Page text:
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Yulgilbar (3 articles)

Tommy Ryan

Tommy Ryan, a noted Aboriginal stockman on the Upper Clarence between Grafton and Yulgilbar, was born in about 1860.  It is likely that he was a Bundjalung speaker.  He never worked as a tracker , but his run-ins with police meant that several trackers were sent after him. His story is significant because of his ability to repeatedly escape custody....

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Walter Williams

Walter Williams, a Bundjalung man, was born at Bonalbo in the 1890s to Lansbury Williams, a renowned stockman and tracker, and Emily Charles.  Lansbury Williams probably spoke the Gidhabal dialect of Bundjalung.  Walter was also the great-grandson of King Bobby and Queen Jinny Little who both had strong ties to Yulgilbar Station on the Clarence River.  Before taking the job...

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A General History

Early History

Since the beginning of the colony, government agencies, explorers, surveyors and members of the general public called upon the tracking abilities of Aboriginal men and women.  First Fleet officers and early land-owners sometimes made use of Aboriginal men to track and capture escaped convicts.  Alexander Berry, for example, relied on an Aboriginal man known as Broughton (or Toodwick)...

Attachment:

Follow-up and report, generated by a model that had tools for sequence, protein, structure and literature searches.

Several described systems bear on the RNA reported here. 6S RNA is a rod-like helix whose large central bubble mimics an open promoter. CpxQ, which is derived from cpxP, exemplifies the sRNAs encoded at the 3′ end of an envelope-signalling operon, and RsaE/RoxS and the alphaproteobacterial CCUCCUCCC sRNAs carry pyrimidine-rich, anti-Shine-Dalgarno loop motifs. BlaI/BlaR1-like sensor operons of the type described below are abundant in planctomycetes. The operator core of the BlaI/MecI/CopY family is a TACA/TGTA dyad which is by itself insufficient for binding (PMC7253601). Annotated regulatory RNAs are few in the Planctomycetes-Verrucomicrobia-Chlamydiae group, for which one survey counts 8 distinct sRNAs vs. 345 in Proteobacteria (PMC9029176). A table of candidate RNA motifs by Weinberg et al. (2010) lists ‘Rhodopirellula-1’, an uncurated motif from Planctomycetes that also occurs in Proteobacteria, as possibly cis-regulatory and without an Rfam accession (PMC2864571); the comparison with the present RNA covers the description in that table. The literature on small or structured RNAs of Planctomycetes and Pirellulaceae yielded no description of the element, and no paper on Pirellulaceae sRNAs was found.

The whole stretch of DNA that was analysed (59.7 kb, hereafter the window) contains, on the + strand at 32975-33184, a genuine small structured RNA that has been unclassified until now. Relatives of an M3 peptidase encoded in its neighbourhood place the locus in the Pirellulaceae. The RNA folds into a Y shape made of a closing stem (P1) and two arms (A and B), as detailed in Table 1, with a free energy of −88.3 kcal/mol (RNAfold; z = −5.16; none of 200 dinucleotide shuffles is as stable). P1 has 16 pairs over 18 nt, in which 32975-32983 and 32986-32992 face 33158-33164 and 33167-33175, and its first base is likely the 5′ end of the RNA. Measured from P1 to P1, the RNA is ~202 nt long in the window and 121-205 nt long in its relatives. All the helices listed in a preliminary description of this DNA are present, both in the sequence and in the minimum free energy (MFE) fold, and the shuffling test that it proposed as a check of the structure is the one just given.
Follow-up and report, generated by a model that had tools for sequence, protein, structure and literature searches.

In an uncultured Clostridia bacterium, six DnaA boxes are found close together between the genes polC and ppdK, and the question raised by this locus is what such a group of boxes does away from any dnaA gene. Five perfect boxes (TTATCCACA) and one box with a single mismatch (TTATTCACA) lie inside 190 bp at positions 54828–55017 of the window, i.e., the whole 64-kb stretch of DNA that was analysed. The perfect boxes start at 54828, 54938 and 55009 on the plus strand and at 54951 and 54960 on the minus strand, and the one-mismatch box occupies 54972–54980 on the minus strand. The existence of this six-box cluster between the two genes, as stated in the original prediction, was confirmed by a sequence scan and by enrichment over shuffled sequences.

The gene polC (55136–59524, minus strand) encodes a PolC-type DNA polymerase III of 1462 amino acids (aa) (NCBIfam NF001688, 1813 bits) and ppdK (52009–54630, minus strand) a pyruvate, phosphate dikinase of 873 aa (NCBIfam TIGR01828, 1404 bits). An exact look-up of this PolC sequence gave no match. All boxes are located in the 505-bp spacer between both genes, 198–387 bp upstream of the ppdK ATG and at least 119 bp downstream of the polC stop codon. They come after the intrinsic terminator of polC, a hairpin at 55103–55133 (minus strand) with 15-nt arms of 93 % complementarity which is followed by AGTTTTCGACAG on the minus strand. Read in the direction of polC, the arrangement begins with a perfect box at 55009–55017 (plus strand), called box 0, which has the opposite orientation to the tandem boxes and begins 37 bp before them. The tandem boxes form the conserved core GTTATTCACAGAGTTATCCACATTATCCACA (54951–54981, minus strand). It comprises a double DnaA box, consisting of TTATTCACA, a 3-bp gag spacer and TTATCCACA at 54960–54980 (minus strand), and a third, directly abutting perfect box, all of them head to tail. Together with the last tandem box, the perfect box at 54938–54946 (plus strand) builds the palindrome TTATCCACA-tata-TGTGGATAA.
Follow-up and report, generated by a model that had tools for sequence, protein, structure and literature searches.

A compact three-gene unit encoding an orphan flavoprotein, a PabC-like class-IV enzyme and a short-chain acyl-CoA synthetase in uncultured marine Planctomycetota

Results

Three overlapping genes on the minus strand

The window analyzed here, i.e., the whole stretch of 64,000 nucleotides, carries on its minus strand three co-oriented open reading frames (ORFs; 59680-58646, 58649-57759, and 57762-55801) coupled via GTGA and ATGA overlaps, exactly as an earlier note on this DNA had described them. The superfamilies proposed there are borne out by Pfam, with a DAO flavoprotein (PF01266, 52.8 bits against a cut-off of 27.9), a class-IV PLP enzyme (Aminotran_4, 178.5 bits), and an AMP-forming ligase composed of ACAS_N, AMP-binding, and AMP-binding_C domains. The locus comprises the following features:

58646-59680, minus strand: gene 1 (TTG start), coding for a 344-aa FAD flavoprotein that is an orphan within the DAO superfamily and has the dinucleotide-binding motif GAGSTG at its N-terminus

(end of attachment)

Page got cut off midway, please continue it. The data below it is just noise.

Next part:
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NSW Aboriginal Trackers

This website explores the history of Aboriginal trackers in NSW from 1862 when the current NSW Police Force was established through to 1973 when the last tracker, Norman Walford, retired.  You can read about the lives of individual trackers and some of the incredible tracking feats they performed.  There is also information about the police stations where they worked and...

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Police Stations

There were over 200 NSW police stations that employed Aboriginal trackers between 1862 and 1973.  Many were concentrated in the central-west and north-west of the state, the agricultural and pastoral heartland of NSW.  This is because one of the main jobs of trackers was to pursue sheep, cattle and horse thieves. Trackers sometimes lived in small huts out the back...

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A General History

Early History Since the beginning of the colony, government agencies, explorers, surveyors and members of the general public called upon the tracking abilities of Aboriginal men and women.  First Fleet officers and early land-owners sometimes made use of Aboriginal men to track and capture escaped convicts.  Alexander Berry, for example, relied on an Aboriginal man known as Broughton (or Toodwick)...

Learn More